Politics, government and public life for Southern California

Maven's Morning Coffee: Jerry Brown's legacy, Vernon's audit, a breakdown of LA's racial groups

Governor Jerry Brown

Andrew Nixon/Capital Public Radio

Rolling Stone did a sitdown with Gov. Jerry Brown. It follows other flattering pieces in The Atlantic and The New York Times.

Good morning, readers. Welcome to the Maven's Morning Coffee -- a listing of the important headlines, news conferences, votes and announcements you need to know to fuel up and tackle your day.

The Maven's Morning Coffee is also available as a daily email. Click here to subscribe.

Today is Friday, Aug. 30, and here is what's happening in Southern California politics:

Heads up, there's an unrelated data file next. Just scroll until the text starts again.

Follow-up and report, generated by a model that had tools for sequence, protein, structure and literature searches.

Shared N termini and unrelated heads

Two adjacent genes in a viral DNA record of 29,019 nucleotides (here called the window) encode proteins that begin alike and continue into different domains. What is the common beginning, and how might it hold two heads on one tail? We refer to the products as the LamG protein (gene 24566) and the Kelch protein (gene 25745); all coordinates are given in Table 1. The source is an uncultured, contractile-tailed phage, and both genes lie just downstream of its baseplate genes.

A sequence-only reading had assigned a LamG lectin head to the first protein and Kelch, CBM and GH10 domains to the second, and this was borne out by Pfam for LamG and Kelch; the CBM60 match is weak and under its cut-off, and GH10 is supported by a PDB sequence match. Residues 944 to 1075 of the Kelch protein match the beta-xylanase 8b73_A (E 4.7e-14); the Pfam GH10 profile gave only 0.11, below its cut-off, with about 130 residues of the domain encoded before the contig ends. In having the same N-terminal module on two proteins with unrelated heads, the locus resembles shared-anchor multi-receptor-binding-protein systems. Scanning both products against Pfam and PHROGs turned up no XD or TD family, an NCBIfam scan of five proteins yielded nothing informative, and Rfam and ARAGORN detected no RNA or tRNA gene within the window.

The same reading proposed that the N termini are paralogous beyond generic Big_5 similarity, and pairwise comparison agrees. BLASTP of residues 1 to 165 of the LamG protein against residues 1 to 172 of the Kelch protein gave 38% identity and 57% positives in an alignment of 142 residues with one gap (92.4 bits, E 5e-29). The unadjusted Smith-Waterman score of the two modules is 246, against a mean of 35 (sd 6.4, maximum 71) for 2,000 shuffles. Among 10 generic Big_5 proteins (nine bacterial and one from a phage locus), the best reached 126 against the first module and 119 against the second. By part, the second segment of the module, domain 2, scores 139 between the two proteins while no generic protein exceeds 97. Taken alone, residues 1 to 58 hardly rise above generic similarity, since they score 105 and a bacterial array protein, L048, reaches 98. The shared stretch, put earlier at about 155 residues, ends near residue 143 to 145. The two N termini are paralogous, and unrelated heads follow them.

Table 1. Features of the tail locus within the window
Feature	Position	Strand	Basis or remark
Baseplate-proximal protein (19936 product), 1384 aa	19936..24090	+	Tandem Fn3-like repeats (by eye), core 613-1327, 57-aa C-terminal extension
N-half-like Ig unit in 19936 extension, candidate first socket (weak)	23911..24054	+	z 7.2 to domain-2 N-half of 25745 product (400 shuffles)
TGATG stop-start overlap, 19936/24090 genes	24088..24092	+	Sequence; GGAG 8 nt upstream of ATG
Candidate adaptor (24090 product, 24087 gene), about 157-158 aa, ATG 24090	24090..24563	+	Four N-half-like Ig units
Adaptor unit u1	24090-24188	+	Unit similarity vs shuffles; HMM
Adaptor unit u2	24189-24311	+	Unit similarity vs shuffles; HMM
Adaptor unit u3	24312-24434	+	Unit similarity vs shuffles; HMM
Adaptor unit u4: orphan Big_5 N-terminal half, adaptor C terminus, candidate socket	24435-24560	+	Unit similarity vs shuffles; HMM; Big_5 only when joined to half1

Headlines

Rolling Stone spends some time with Gov. Jerry Brown. "No longer thinking of his post as a steppingstone to higher office, Brown is instead determined to craft a durable legacy – the capstone to more than four decades of public service. His foulmouthed motto? 'I want to get shit done.'" Capitol Alert calls the piece (along with some other recent articles) "flattery from afar."

Vernon city officials are conducting a forensic audit of their former city administrator's compensation, reports the Los Angeles Times. "The new openness has intrigued prosecutors. They complained bitterly that Vernon withheld key information during the district attorney's investigation into (Bruce) Malkenhorst, who at the height of his power rode around in a limousine and regularly played 18 holes of golf on the city's dime," according to The Times.

Read More...